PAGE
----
Davutoglu said that Turkish intelligence services were cooperating with both their French and German counterparts.
“We were able to confirm this even before we were tipped off to anything,” Davutoglu said, speaking of Boumeddiene’s passage through Turkey. “I don’t know where else she was before Madrid. Can we accuse Spain or Turkey? Turkey is guilty because it has a border with Syria.”
Cazeneuve, the interior minister, said Sunday that the French government would seek greater authority to monitor the Internet for activity in support of terrorist or subversive activities.
Also on Sunday, Cameron, the British prime minister, told the BBC that he favored the introduction of “more comprehensive” powers of surveillance.
British intelligence and security chiefs briefed Cameron on Monday on the implications of the Paris attacks for the authorities in London, which was the site of coordinated attacks on July 7, 2005.
The participants at the meeting agreed to “step up our efforts with other countries to crack down on the illegal smuggling of weapons across borders,” a government spokesman said, speaking on the condition of anonymity in accordance with department rules. “The prime minister also asked the police and military to continue to work closely together to ensure that the police can call on appropriate military assistance when required across the country.”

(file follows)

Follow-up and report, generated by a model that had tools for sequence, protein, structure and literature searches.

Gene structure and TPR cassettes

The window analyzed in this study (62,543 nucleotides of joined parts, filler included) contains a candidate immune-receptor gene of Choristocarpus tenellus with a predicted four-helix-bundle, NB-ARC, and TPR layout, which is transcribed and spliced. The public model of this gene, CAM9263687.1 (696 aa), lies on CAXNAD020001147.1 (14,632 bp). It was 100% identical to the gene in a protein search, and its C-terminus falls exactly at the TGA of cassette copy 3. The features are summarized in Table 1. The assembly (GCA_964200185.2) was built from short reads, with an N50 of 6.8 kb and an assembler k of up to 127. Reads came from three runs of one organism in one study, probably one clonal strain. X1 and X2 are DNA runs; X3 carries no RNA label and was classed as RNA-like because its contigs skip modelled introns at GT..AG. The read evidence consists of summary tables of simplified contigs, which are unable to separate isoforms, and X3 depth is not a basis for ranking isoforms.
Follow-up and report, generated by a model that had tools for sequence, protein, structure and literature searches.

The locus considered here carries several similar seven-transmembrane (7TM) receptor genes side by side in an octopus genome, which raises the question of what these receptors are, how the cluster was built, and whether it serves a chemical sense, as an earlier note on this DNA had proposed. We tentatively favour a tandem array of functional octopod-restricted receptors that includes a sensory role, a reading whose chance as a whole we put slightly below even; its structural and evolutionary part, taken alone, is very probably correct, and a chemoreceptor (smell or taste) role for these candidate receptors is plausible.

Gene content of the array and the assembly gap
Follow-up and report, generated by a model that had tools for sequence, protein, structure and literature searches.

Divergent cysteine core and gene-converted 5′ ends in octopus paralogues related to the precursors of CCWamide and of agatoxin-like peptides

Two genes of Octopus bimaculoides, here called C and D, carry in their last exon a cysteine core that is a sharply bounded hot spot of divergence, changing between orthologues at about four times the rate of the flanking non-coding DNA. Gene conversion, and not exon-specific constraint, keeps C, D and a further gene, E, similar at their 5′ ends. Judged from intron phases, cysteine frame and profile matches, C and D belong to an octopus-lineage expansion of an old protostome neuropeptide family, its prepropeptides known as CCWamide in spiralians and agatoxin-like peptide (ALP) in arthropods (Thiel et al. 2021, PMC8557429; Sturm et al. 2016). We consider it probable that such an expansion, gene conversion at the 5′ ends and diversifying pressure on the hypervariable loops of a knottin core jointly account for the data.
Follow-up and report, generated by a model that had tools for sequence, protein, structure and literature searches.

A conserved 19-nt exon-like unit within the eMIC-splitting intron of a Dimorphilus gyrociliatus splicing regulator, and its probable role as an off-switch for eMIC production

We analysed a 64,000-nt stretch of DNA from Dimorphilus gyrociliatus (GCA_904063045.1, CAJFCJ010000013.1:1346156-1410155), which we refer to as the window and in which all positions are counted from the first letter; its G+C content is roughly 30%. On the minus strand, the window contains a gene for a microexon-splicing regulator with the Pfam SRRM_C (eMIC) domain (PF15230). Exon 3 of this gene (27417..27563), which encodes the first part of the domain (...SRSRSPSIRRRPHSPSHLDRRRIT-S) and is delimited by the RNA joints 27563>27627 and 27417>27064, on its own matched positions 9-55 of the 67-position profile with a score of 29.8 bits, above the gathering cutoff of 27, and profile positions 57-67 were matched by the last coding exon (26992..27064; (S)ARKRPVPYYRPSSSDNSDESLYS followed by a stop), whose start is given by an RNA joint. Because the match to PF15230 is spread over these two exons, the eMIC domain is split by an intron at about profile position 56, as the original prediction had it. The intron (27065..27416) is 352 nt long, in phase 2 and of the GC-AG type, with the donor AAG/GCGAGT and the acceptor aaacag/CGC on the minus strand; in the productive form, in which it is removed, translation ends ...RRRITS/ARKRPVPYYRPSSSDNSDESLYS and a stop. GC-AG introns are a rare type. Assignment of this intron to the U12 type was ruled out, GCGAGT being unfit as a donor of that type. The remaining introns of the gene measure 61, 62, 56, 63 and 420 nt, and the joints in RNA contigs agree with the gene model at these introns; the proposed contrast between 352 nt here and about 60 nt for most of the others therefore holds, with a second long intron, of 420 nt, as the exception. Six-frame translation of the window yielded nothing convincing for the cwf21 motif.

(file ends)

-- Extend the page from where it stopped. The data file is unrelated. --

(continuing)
At the Vatican on Monday, Pope Francis condemned the extremism behind the attacks, saying that religious fundamentalism “eliminates God himself, turning him into a mere ideological pretext.”
In his annual speech to diplomats accredited to the Holy See, the pope spoke of a “culture of rejection, which severs the deepest and most authentic human bonds, leading to the breakdown of society and spawning violence and death.”
“Losing their freedom, people become enslaved, whether to the latest fads or to power, money or even deviant forms of religion,” he added. “Violence is always the product of a falsification of religion, its use as a pretext for ideological schemes whose only goal is power over others.”
The pope also called on “religious, political and intellectual leaders, especially those of the Muslim community,” to “condemn all fundamentalist and extremist interpretations of religion which attempt to justify such acts of violence.”
Almost as a footnote, news reports over the weekend said that Mourad Hamyd, an 18-year-old who had been depicted as a third suspect in the shootings at Charlie Hebdo had been released without charge Friday night after schoolmates insisted on Twitter that he had been in class that day. He turned himself in on Wednesday at a police station in Charleville-Mézières, about 145 miles northeast of Paris, after seeing reports on social media that he was being sought by the police in connection with the shootings.Material from the Associated Press was used in this report.